Association pour la Légèreté en Equitation

International Dressage & Equitation Association for Lightness


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ETHEL Benefit RDI1021 411 webAlchemy, in its most elementary version, is the distillation of ingredients into their purest forms. The addition of energy skins away extraneous layers and impurities, allowing later reactions to produce a more perfect whole. Such was the reaction between the musicians of the string quartet Ethel (Dorothy Lawson-cello, Ralph Farris-viola, Kip Jones-violin, Corin Lee-violin), dressage maître Bettina Drummond, and myself on 17 October. The indoor arena at Andrea Woodner’s farm, Rivendell Dressage in Millbrook, New York USA, became a crucible in which horses, instruments, musicians, and riders engaged with each other to form a time-limited art form greater than any of our disciplines or techniques. The audience also played an integral part in this transformation, bringing a rich variety of intellectual predispositions, artistic interests, and a heightened appreciation for the momentariness of this endeavor. While we were gathered to raise funds to support Ethel’s ongoing creative work, we hoped to also experiment with exchanges between our art forms. What resulted was, I think, even more interesting: a series of pinball collisions with sound and beat into turns and transitions that shined up the sometimes tired and often staid patterns of dressage into something enticing and new. If Ethel is already an extraordinarily physical quartet, the presence of the horses made them even more so, raising the intensity of their performance and grounding it in a series of hoof and bow exchanges. And if Bettina Drummond is always noted for her technique, she should equally be appreciated for her feel. She rides like a musician, bringing more depth and resonance from her horses than anyone I have encountered.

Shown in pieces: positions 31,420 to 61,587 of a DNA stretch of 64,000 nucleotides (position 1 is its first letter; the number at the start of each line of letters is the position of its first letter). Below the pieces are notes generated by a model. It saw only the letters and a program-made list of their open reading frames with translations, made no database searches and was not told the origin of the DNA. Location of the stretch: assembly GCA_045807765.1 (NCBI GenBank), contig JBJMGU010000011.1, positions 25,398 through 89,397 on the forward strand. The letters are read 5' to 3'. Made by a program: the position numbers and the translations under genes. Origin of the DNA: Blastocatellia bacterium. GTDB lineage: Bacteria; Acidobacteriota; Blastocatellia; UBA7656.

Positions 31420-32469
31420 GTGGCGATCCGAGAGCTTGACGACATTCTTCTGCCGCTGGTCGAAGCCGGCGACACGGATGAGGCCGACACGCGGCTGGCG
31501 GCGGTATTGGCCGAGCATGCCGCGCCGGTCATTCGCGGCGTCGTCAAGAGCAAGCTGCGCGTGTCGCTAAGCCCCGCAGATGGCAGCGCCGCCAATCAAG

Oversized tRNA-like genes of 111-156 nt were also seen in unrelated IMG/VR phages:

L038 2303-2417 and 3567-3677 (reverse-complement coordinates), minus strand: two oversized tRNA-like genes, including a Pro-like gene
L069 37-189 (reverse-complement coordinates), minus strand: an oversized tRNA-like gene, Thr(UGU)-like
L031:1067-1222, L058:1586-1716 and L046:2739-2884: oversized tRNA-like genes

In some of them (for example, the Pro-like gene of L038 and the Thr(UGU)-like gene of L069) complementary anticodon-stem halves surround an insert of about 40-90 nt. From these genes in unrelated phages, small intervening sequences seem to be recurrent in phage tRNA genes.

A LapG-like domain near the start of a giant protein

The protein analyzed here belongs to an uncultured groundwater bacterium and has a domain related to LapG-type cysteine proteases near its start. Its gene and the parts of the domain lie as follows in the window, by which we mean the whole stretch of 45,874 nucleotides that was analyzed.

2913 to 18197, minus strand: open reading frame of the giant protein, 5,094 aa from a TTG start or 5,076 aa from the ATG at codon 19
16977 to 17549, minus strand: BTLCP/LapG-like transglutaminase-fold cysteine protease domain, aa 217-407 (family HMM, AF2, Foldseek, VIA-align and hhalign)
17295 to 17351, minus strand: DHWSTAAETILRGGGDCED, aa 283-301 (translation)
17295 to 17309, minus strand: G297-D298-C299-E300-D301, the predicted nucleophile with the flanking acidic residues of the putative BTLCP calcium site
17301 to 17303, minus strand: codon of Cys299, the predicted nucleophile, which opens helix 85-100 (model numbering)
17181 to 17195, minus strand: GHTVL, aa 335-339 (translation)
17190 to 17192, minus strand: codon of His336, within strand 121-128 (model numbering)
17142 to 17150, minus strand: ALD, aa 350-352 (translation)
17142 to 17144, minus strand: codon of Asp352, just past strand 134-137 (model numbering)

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I have written previously of watching Bettina ride that she appears to be timeless, existing as a Platonic form of dressage. This was true again, but her interactions with the quartet added an element of incandescence to her usual grace and technique. Her most established partner, Que Macho HI, anchored her team of elegant Iberians with expressive passage and a remarkable levade between the stages! He served as a wonderful grounding force for my own inexperienced PRE partner, Hortelano LXXV. The highlight of our pas de deux was a series of transitions from passage to trot on a circle around the musicians in which we remained parallel to each other and the beat of the music, which followed a series of elevations and powerful descents. The balance among all the creatures on that circle was a treat to be inside. Hortelano began the weekend fearful of the musicians’ movements and the amplified sound and ended it a performer who found a place for himself next to a much more advanced, formidable partner and amidst the beautiful noise. The title of the music to which we rode, “Moment of Truth”, was indeed apt.